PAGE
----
The Presbyterian Equality Project of More Light Presbyterians applauds the introduction on June 25 of the Employment Non-Discrimination Act (ENDA), which would protect against workplace discrimination based on sexual orientation and gender identity. The measure was introduced by House Representatives Barney Frank, Tammy Baldwin and Jared Polis.

Find more background and suggestions for action on the MLP website >>

Getting Back to the Business of Being the Church

A news report on the recent Big Tent gathering in Atlanta highlights the remarks given by the Rev. Johnnie Monroe in accepting the John Park Lee Award which was presented to him by PHEWA (the Presbyterian Health, Education and Welfare Association).

We believe Monroe captured the state of the Presbyterian Church brilliantly in a loving and prophetic statement of our current reality in the light of God's call.

We're happy to share with you the full text of Monroe's remarks.  We invite you to read them and share your own thoughts in response.  Just send a note, to be shared here.

A sample of his comments:

Let me tell you what I see; I see a church that, like corporate companies, is seeking to balance its budget by calling out justice ministries and ministries that empower women and ministries with ‘marginalized people.’ When cuts are made we cut ministries that affect the ‘least of these.’ Is not that the way of the world? ...

In secular society we cut programs that feed the hungry and guarantee health insurance, while we spend billions of dollars perpetuating wars that we never should have been in and, as a result, babies suffer and people in this wealthy nation go to bed hungry every night. But I have come to tell us tonight that God is not pleased with the direction the denomination is moving, and we must get Back to the Business of Being the Church – we must lead the way as light to a dark wine and we must be salt to a world that has lost its taste for justice and righteousness.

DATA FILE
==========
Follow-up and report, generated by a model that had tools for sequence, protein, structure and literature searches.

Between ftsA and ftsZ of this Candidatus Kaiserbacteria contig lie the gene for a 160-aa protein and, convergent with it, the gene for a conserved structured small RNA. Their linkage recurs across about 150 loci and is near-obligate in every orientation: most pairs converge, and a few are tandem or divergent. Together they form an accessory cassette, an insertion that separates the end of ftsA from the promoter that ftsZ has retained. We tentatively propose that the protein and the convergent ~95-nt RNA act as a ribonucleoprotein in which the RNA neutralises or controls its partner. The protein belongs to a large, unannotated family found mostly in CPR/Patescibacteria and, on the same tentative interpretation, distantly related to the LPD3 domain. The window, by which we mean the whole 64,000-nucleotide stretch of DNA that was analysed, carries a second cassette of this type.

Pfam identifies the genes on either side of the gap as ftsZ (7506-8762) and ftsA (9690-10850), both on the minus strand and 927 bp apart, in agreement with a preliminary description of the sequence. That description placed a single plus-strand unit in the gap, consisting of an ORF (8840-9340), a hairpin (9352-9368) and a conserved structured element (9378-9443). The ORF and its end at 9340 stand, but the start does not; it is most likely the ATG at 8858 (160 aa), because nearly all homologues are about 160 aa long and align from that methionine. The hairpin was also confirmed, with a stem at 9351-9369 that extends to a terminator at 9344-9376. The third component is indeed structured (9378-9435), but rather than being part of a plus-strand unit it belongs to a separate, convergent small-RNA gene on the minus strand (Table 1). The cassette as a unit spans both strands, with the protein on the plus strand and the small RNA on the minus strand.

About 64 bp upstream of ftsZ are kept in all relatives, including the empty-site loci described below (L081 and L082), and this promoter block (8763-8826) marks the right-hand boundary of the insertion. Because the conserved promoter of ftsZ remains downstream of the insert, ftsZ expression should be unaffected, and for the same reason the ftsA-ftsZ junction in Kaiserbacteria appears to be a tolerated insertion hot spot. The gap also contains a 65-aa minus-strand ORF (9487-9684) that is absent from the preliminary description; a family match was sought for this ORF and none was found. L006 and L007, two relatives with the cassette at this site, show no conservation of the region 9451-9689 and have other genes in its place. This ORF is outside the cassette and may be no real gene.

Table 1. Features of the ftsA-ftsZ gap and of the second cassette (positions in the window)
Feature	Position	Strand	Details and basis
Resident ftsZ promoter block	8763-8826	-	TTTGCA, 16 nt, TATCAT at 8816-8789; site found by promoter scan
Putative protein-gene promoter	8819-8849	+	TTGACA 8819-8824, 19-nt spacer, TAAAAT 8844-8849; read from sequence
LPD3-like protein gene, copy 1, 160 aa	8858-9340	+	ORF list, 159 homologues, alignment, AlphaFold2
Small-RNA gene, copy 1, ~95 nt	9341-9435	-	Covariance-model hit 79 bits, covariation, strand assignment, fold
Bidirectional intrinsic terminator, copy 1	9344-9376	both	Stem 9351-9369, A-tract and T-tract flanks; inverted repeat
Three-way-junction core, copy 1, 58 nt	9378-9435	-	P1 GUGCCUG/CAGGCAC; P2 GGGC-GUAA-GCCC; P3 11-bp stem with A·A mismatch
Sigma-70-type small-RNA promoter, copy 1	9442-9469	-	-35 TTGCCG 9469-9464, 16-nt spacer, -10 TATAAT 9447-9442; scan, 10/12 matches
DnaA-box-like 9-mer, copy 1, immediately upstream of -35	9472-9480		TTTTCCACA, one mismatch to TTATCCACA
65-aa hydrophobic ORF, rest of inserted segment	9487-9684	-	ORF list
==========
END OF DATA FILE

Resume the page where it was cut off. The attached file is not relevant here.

But we hope you'll take time to read and ponder the whole thing.

And send us your thoughts, to be shared here!

PC(USA) speaks on energy policy and climate change

Our Presbyterian General Assembly’s recent study, The Power to Change: U.S. Energy Policy and Global Warming, has been published and is also online.  The church report is timely reading with today’s news that Obama pushes for passage of global warming legislation.

Thanks to the Rev. Bruce Gillette, Co-Pastor, Limestone Presbyterian Church, Wilmington, Delaware

Another take on Robert’s Rules

Sue Spencer wrote last October about a helpful variation on Robert's Rules, which offers a less highly regulated approach to getting business done in a group. 

She has recently discovered a haiku written by a Youth Advisory Delegate at the 2008 General Assembly, which she appreciated as making just her point:

Robert and his rules
They make sense some of the time
But tonight they don't.